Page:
- A person is both active and passive, both an agent and a subject of experiences. Utilitarian and Kantian2 moral philosophers, however, characteristically place a different emphasis on these two aspects of our nature. The utilitarian emphasizes the passive side of our nature, our capacity to be pleased or satisfied, and is concerned with what happens to us. The Kantian emphasizes our agency, and is concerned with what we do. Alternatively, we may say that the utilitarian focuses first on persons as objects of moral concern, and asks, "what should be done for them?" whereas the Kantian addresses the moral agent, who is asking, "what should I do?"
- One might think that this can only be a difference of emphasis. Any acceptable moral philosophy must take both sides of our nature into account, and tell us both how people ought to be treated and what we ought to do. Yet the difference of emphasis can lead to substantive moral disagreement. Kantians believe in what are sometimes called "agent-centered" restrictions, obligations which are independent of the value of the outcomes they produce. Even when thinking of persons as objects of moral concern, the Kantian is more likely to focus on agency. The question "what should be done for them?" is answered, roughly, by "they should be given the freedom to make their own choices, and to do things for themselves." Rawls believes that asking the agentless "what should be done for them?" leads to distortion in the utilitarian view of moral and political decision. The idea that burdens for some people can be justified simply by benefits to others "arises from the conception of individuals as separate lines for the assignment of benefits, as isolated persons who stand as claimants on an administrative or benevolent largess. Occasionally persons do so stand to one another; but this is not the general case." When persons are viewed as agents who are making agreements with one another, this way of looking at their relations is not the natural one.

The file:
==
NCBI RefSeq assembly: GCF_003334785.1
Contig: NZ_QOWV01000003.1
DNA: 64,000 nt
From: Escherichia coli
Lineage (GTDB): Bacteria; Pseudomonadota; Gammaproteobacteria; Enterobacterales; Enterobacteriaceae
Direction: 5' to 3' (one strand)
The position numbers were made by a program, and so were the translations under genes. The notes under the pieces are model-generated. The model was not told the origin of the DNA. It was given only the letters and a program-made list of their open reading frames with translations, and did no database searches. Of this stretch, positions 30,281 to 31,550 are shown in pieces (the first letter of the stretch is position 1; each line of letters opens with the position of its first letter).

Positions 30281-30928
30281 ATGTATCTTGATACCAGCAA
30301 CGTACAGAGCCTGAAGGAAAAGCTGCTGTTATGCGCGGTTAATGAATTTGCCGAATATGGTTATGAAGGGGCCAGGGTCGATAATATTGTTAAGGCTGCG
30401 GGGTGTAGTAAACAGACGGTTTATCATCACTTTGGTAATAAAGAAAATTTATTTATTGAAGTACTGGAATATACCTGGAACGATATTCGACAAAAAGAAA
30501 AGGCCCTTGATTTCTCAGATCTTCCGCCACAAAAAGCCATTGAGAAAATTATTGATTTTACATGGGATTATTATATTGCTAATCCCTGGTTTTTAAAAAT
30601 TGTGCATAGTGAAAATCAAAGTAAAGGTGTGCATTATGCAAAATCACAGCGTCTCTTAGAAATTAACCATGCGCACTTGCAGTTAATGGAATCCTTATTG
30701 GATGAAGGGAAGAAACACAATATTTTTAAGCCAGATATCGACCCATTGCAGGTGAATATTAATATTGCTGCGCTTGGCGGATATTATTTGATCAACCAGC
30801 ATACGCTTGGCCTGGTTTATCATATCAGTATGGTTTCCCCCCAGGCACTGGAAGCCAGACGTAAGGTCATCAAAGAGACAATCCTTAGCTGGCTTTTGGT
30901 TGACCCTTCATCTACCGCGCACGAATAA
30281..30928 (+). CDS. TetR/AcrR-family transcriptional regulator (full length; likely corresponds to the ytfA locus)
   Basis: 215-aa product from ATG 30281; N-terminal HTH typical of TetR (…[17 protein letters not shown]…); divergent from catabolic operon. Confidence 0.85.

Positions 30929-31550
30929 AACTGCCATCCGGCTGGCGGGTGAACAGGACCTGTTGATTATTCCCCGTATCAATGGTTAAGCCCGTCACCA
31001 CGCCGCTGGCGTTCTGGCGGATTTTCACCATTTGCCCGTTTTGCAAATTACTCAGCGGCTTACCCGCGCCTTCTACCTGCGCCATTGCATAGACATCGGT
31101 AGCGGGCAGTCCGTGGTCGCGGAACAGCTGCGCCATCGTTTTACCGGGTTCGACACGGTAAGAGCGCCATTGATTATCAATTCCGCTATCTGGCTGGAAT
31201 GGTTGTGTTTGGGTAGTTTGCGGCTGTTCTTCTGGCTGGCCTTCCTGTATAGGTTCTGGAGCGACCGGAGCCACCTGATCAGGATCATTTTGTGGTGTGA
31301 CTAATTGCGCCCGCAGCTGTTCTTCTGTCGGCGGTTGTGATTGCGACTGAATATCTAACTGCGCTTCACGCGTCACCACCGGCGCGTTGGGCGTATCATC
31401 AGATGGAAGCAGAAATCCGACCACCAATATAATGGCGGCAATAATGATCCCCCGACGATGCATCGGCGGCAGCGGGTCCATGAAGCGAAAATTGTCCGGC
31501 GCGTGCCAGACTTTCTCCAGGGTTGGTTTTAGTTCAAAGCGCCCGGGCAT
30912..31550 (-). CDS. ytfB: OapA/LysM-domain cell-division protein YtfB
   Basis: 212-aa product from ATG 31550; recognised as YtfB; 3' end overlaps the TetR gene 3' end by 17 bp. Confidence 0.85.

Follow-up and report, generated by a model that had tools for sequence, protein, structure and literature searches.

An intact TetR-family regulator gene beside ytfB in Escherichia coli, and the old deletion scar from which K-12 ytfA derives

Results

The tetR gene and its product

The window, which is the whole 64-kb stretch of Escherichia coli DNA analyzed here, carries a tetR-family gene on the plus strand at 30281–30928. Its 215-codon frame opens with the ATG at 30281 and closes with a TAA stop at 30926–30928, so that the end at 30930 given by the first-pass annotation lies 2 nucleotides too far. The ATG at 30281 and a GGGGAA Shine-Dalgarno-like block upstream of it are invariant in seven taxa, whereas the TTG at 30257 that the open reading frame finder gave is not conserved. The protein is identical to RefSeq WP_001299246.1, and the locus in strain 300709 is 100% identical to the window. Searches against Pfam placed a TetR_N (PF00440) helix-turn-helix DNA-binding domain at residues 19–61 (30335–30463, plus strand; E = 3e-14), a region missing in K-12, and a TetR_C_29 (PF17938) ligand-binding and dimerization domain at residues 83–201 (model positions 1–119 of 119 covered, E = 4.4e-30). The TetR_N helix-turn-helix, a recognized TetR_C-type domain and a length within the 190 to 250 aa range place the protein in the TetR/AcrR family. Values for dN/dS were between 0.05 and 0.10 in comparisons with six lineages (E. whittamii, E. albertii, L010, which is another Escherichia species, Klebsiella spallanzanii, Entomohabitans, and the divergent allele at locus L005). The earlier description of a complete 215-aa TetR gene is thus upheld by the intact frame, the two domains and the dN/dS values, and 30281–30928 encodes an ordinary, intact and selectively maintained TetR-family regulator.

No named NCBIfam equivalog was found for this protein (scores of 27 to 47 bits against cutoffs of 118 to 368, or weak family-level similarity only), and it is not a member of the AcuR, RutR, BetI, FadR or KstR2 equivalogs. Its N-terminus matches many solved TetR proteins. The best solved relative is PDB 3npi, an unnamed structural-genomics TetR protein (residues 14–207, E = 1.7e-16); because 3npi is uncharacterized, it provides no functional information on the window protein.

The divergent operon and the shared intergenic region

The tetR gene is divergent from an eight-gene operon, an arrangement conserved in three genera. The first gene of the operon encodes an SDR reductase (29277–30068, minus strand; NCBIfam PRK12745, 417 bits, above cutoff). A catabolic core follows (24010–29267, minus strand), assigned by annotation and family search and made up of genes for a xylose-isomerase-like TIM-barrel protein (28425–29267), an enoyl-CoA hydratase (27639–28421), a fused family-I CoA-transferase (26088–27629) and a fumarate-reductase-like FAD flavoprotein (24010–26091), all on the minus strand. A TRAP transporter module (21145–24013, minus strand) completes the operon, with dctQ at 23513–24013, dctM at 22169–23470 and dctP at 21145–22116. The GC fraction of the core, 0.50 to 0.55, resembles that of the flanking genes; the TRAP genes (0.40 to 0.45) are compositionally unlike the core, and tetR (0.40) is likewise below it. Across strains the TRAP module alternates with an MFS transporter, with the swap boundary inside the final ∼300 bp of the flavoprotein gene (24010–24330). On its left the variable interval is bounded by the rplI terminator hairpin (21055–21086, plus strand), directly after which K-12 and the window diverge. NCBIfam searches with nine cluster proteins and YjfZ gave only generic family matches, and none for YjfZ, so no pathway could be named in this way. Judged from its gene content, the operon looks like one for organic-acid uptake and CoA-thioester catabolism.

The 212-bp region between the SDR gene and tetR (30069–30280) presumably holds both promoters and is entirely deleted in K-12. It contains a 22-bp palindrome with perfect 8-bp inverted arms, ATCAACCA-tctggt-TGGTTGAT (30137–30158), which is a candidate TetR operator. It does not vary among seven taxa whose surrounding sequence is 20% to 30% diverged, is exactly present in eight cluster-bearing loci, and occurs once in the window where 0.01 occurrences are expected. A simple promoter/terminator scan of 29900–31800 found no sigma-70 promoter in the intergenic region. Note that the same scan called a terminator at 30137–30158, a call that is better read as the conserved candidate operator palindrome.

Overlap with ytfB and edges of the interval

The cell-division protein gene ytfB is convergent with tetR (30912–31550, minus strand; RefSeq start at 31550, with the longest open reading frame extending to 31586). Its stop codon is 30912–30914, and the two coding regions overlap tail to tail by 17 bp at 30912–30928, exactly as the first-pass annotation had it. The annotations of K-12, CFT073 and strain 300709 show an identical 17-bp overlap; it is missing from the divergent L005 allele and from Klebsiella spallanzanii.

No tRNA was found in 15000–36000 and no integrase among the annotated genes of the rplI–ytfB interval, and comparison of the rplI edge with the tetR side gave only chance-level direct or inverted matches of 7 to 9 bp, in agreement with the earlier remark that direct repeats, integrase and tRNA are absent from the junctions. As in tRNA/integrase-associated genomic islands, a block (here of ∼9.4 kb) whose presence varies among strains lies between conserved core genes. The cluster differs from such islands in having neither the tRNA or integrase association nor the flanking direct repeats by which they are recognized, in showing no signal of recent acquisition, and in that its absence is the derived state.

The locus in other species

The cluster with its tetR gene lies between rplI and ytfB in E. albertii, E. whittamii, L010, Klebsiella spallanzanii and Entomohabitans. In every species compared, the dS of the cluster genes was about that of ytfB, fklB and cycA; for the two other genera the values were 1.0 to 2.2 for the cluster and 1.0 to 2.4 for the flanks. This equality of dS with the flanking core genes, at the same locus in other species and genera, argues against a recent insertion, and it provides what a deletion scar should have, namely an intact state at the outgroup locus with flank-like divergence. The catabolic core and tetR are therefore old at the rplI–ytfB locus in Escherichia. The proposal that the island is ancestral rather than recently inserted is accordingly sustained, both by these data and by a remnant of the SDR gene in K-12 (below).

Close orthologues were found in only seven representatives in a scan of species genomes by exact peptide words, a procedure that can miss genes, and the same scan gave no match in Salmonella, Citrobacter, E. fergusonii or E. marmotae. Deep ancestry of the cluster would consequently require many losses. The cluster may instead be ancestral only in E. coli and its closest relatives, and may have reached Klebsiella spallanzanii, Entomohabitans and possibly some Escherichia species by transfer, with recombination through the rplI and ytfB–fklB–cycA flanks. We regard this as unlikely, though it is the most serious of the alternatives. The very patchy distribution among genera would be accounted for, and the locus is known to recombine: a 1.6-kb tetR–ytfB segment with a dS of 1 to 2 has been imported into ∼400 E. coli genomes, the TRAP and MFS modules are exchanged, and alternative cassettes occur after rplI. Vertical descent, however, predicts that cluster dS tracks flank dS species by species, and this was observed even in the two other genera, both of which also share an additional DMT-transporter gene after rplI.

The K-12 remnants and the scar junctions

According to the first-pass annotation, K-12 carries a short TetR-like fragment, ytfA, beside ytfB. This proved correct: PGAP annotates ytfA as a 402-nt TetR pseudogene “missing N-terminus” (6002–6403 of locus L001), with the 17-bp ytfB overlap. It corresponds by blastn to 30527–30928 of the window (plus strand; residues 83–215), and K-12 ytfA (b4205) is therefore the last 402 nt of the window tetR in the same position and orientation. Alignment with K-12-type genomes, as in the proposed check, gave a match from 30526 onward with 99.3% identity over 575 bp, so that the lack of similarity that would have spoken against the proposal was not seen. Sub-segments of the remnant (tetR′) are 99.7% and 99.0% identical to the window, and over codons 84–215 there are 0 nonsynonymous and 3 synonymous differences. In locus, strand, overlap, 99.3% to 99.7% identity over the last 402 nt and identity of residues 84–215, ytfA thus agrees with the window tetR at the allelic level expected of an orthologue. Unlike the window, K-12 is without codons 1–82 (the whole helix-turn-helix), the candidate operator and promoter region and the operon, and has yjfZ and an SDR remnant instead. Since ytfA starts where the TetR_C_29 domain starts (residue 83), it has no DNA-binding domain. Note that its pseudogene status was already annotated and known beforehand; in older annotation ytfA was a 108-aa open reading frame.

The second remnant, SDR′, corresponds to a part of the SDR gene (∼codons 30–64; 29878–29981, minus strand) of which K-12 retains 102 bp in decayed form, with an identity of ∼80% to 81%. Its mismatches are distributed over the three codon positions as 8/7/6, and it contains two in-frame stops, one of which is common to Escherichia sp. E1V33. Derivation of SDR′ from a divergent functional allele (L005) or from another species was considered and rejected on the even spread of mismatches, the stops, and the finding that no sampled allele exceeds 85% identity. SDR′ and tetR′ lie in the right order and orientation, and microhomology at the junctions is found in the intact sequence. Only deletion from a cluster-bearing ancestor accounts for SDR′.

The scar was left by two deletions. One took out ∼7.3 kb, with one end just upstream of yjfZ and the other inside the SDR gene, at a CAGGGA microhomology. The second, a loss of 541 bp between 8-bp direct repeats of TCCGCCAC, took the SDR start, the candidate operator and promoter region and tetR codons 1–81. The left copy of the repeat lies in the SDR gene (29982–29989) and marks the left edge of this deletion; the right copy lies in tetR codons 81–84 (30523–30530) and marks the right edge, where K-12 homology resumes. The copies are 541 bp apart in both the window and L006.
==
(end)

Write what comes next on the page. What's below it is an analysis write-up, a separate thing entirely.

- Of course the utilitarian claims to take agency into account. He acknowledges that persons do not just want things to be done for them but want to do things; he can argue, with Mill, that persons should be free to make their own choices because it makes them happy. The utilitarian regards agency as an important form of experience; he includes actions and activities among the things that happen to us. This is characteristic of the empiricist tradition in which utilitarianism has its roots, and is nowhere more evident than when Hume writes: "I desire it may be observ'd, that by the will, I mean nothing but the internal impression we feel and are conscious of, when we knowingly give rise to any new motion of our body, or new perception of our mind." Hume here identifies the will not with our power to initiate action, but with the feeling we experience when we exercise that power.